Eternal Family Circle-by john lawrence gillis
Once upon a brilliant Sunday evening, in late June of 2013...
I saw an excruciating cloud.
High in the southern sky above Fifth Street, it resembled nothing less than a whip. Yes, you read that correctly. A whip!
And it immediately reminded me of Good Friday.
The first minute of my next computer session confirmed it was the Roman flagrum, an instrument of torture with lead balls and mutton bones at the ends of leather straps. The wounds it inflicted were so deep it often resulted in death.
There was, however, a significant visual difference. The five or six "cords" of the formation were not attached to the handle; they were also short, and curled.
It took me a day or so to "translate" this image. I almost wish I hadn't.
The cords were like broken-off "arcs" from God's family circle.
We like to think of Heaven as perfect bliss, exclusively. But if, as the Bible itself states, it's possible to "grieve" the Holy Spirit -- is Heaven not also a place of grief, a place of "deep wounds" caused by our stubborn, prodigal distance from God the Father?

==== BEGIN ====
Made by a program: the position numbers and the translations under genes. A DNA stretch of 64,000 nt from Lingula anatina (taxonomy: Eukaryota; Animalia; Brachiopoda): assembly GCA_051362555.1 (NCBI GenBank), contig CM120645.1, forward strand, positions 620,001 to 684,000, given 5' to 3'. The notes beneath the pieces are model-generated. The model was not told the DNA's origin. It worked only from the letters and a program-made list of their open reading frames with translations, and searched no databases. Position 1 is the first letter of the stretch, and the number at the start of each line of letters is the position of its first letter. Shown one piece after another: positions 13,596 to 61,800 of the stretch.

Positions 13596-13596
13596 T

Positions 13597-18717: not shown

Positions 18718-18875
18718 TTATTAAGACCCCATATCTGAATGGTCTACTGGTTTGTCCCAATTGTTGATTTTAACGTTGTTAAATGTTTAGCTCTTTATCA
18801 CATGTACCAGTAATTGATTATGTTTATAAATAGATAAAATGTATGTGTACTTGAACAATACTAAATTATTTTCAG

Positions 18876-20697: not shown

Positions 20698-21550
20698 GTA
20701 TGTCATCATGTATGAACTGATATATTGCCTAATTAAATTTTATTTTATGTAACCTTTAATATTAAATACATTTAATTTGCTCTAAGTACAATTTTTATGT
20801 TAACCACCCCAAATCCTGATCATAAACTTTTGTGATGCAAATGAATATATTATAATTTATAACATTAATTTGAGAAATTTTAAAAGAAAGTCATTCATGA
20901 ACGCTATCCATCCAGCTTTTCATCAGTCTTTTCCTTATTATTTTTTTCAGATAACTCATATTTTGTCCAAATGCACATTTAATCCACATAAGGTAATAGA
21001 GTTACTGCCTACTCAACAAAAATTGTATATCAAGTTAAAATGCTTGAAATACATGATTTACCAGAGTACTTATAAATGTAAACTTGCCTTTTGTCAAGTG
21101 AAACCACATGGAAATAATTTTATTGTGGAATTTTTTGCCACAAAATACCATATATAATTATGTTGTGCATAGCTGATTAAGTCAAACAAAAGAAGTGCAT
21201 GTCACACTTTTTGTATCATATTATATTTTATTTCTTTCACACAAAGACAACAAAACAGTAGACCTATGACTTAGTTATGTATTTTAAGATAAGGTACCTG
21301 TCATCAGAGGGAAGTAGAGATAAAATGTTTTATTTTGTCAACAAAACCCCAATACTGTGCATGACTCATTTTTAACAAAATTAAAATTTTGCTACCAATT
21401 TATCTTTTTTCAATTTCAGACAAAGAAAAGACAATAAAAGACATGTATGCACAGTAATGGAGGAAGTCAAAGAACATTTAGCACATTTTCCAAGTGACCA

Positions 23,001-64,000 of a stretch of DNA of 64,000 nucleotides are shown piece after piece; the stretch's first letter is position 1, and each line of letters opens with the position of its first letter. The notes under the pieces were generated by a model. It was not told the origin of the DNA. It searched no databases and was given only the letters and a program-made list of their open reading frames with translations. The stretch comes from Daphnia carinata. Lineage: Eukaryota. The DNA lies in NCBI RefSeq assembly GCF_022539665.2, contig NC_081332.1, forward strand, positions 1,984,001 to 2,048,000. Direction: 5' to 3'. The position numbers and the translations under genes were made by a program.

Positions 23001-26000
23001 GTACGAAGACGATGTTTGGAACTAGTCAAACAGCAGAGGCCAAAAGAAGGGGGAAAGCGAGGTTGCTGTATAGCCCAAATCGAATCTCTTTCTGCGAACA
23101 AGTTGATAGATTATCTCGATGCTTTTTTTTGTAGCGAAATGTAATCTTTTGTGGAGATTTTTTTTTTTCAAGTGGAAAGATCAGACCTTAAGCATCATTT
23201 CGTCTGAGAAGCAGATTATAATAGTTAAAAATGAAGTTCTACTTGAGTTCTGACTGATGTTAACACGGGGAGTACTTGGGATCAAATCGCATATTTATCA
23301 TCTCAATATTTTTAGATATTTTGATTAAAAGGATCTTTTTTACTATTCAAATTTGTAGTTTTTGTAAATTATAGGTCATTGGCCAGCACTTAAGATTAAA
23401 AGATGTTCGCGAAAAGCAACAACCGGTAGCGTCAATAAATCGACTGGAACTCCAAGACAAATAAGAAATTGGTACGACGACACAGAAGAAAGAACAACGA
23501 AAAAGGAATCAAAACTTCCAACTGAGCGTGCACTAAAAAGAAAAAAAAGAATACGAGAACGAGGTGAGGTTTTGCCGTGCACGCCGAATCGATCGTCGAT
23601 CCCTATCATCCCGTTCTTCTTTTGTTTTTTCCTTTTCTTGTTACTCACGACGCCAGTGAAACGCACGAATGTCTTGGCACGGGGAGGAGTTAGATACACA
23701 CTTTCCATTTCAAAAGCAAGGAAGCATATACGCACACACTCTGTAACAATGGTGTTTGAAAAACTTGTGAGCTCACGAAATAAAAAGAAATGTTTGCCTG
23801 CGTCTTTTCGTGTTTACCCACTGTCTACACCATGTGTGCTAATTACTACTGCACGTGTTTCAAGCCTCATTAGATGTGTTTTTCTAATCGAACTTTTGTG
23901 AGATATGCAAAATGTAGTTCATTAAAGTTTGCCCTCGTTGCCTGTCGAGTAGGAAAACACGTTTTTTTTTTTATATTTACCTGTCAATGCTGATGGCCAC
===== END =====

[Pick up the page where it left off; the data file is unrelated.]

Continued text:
"Consequently, you are no longer foreigners and strangers, but fellow citizens with God's people and also members of his household." (Eph 2:19 NIV)
“...you are members of God's family." (NLT)
In 1986, during the heady days of "glasnost" that eventually led to the collapse of the Soviet Union, I was commissioned to write a song.
The long Cold War had finally begun to thaw, and doors were now open on both sides for "citizen diplomacy." A group I was associated with opened their homes to Russian high school students for an extended stay. Shortly after their arrival, we all gathered at a community center to celebrate.
Later in the evening they sang Russian folk songs, and I sang the tenor part of the duet I'd written. I also had the lyrics translated into Russian, including the title: "Adna Familia." (I later discovered that the Russian word for family is "semya," not "familia." But "Adna Familia" seems truer to the spirit of the song -- two very different languages, in one title.)